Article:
City’s waterfront plan is met with enthusiasm

The city has come out with its recommendations for what the waterfront should look like in the year 2020, and community leaders in the east Bronx like what they see.

On September 13, the city released its draft recommendations for Vision 2020: The New York City Comprehensive Waterfront Plan.

The plan outlines suggested changes that will improve sustainability and increase usage of more than 500 miles of shoreline around the city.

While four coastal sections of the Bronx were individually studied and identified in the draft proposal, the eastern portion – known as “reach nine” – encompasses coastal areas of Soundview, Harding Park, Clarson Point, Throggs Neck, Silver Beach, Locust Point, Edgewater Park, Country Club, Spencer Estate, Co-op City and City Island.

The city’s plan includes specific recommendations for nine separate sites in the eastern portion, but across the region the plan calls for the city to explore ways to increase capacity for bulk and dry shipping routes, which may require dredging at locations in Westchester Creek, Eastchester Bay and the Hutchinson River.

According to community officials involved in the process, the plan for the Hutchinson River is the largest part of the draft.

“The most crucial part is restoration of the Hutchinson River,” said Barbara Dolensek, who submitted ideas during the city’s planning process. “It’s not going to be easy to do everything, but we felt this was a very important first step. And it’s great that they made this a major part of the project.”

The plans include supporting the citizen-led project to clean the river of debris that has been dumped there over time, and working with state programs to improve the water quality of the river and Eastchester Bay.

“I’m thrilled to death,” said Eleanor Rae, president of the Hutchinson River Restoration Project. “We really did a lot of emailing and said ‘These are our concerns,’ so maybe they listened.”

Also in the plans are improved waterfront access in City Island and in Eastchester Bay at the MTA bus yard.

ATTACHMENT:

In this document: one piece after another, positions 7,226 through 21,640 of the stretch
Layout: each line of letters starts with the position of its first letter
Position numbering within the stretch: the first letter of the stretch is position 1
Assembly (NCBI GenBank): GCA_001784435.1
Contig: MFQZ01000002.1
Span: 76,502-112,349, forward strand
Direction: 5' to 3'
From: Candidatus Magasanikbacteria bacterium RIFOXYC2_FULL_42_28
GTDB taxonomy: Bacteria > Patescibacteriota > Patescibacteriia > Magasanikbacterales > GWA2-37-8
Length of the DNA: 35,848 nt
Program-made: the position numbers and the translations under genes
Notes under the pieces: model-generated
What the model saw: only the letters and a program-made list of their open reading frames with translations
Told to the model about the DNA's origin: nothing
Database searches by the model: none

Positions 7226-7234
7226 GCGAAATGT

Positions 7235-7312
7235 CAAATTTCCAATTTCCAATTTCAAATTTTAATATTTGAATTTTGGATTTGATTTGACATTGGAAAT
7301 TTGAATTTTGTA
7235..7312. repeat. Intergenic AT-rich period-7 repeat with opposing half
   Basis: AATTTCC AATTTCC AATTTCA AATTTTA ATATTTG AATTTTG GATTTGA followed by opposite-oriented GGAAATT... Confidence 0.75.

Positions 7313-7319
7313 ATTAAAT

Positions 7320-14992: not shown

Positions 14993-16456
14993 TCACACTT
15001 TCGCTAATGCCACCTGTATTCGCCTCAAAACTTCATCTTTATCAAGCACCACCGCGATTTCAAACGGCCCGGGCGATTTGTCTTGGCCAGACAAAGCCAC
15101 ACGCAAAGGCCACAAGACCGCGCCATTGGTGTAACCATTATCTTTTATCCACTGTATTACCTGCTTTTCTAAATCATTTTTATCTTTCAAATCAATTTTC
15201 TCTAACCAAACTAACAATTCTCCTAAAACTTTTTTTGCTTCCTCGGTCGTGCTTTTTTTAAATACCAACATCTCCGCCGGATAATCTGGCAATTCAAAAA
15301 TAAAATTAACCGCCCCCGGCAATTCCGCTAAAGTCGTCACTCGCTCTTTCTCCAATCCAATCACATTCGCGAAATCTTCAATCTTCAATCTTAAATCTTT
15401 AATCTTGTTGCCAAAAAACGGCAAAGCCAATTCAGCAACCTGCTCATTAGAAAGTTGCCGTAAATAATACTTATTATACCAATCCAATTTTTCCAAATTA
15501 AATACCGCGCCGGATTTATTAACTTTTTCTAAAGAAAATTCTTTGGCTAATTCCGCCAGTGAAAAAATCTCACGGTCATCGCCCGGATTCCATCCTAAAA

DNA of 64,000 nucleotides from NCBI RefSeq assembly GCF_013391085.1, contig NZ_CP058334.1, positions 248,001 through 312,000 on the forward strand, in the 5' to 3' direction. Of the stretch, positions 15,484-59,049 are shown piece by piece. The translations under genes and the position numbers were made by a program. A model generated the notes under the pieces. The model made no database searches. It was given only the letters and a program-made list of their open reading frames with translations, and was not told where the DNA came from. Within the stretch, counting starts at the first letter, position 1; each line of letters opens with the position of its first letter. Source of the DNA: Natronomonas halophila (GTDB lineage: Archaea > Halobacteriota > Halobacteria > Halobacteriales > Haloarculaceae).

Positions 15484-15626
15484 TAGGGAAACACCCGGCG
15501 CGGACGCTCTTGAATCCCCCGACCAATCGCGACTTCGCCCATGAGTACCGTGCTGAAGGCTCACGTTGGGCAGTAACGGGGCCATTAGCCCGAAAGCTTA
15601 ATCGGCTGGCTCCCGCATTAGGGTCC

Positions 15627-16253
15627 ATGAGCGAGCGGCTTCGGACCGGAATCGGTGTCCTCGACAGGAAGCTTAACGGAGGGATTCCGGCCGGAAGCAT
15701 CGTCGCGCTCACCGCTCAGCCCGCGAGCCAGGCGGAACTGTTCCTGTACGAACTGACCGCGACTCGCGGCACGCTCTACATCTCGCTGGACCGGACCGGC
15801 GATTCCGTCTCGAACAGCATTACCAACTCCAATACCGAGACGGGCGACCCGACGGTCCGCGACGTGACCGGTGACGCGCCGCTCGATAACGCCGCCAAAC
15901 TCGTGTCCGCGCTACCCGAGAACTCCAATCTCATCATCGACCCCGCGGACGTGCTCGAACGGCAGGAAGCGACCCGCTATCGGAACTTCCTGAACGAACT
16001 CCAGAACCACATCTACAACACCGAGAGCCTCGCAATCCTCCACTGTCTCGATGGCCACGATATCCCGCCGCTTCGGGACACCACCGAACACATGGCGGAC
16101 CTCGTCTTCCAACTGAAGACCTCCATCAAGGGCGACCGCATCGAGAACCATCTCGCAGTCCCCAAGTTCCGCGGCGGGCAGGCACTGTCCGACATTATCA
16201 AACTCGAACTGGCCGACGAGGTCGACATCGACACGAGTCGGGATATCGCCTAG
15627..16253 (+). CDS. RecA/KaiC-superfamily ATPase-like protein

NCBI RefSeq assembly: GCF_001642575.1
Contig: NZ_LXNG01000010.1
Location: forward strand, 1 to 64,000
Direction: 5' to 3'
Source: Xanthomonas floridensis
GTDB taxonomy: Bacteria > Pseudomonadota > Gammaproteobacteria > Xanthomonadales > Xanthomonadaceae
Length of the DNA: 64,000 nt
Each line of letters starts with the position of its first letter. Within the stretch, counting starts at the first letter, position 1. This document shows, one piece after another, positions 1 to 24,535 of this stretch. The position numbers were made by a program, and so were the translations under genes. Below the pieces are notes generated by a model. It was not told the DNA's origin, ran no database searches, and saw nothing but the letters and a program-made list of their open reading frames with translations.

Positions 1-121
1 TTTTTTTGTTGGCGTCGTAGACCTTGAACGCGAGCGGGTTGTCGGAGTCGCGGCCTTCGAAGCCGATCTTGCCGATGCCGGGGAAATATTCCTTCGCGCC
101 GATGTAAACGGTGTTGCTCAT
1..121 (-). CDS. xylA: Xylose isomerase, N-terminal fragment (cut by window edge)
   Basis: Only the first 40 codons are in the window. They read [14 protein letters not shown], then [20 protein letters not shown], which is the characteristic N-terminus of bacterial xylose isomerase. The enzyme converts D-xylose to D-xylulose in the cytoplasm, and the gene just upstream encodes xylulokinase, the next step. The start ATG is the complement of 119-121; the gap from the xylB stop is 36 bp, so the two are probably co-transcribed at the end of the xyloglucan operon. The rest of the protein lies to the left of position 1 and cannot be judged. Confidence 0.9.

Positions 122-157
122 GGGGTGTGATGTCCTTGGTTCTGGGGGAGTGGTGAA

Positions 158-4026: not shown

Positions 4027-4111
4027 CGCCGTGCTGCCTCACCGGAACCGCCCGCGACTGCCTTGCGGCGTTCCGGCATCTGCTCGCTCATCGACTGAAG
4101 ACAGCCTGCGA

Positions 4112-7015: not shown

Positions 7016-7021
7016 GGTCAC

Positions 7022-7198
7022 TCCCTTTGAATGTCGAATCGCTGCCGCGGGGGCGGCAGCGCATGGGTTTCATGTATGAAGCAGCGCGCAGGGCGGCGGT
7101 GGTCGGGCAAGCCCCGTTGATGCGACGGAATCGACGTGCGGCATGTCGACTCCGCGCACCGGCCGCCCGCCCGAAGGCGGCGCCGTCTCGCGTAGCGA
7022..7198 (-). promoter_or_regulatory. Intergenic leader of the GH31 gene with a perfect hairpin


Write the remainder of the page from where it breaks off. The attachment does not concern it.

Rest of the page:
In Co-op City, the planning department suggested creating public access to the waterfront by removing fencing and putting in a bike lane.

“We’ve been talking to Co-op City about improving access for years,” Kenneth Kearns, Community Board 10 district manager said. “It’s a good thing they recognized it and we’ll just keep trying to get it.”

At the former industrial site at 825 Bronx River Avenue, known as the Loral site, the city recommends that they work with the private owners and the newly created NYC Brownfield Program to clean and redevelop the site. Public access to the waterfront will be part of the redevelopment efforts.

In Clason Point, the city suggested that the community work to build a boat launch and fishing facilities.

At the city-owned Zerega Industrial Area off Watson Avenue, the city will push to develop the property into a water-based industrial site that has a street-end riverfront access point for the public.

In Ferry Point Park, the city is looking to protect the shore from erosion, and in Belden Point the city plans to pursue funding to restore the shoreline and create waterfront access.

The suggestions also include developing the SUNY Maritime College as more of a hub for maritime services, along with the educational and workforce opportunities it already creates.

This complex draft proposal follows a year of extensive outreach and discussions with community members and waterfront stakeholders.

The city will hold another public meeting to gauge the public’s response to these recommendations on October 12.

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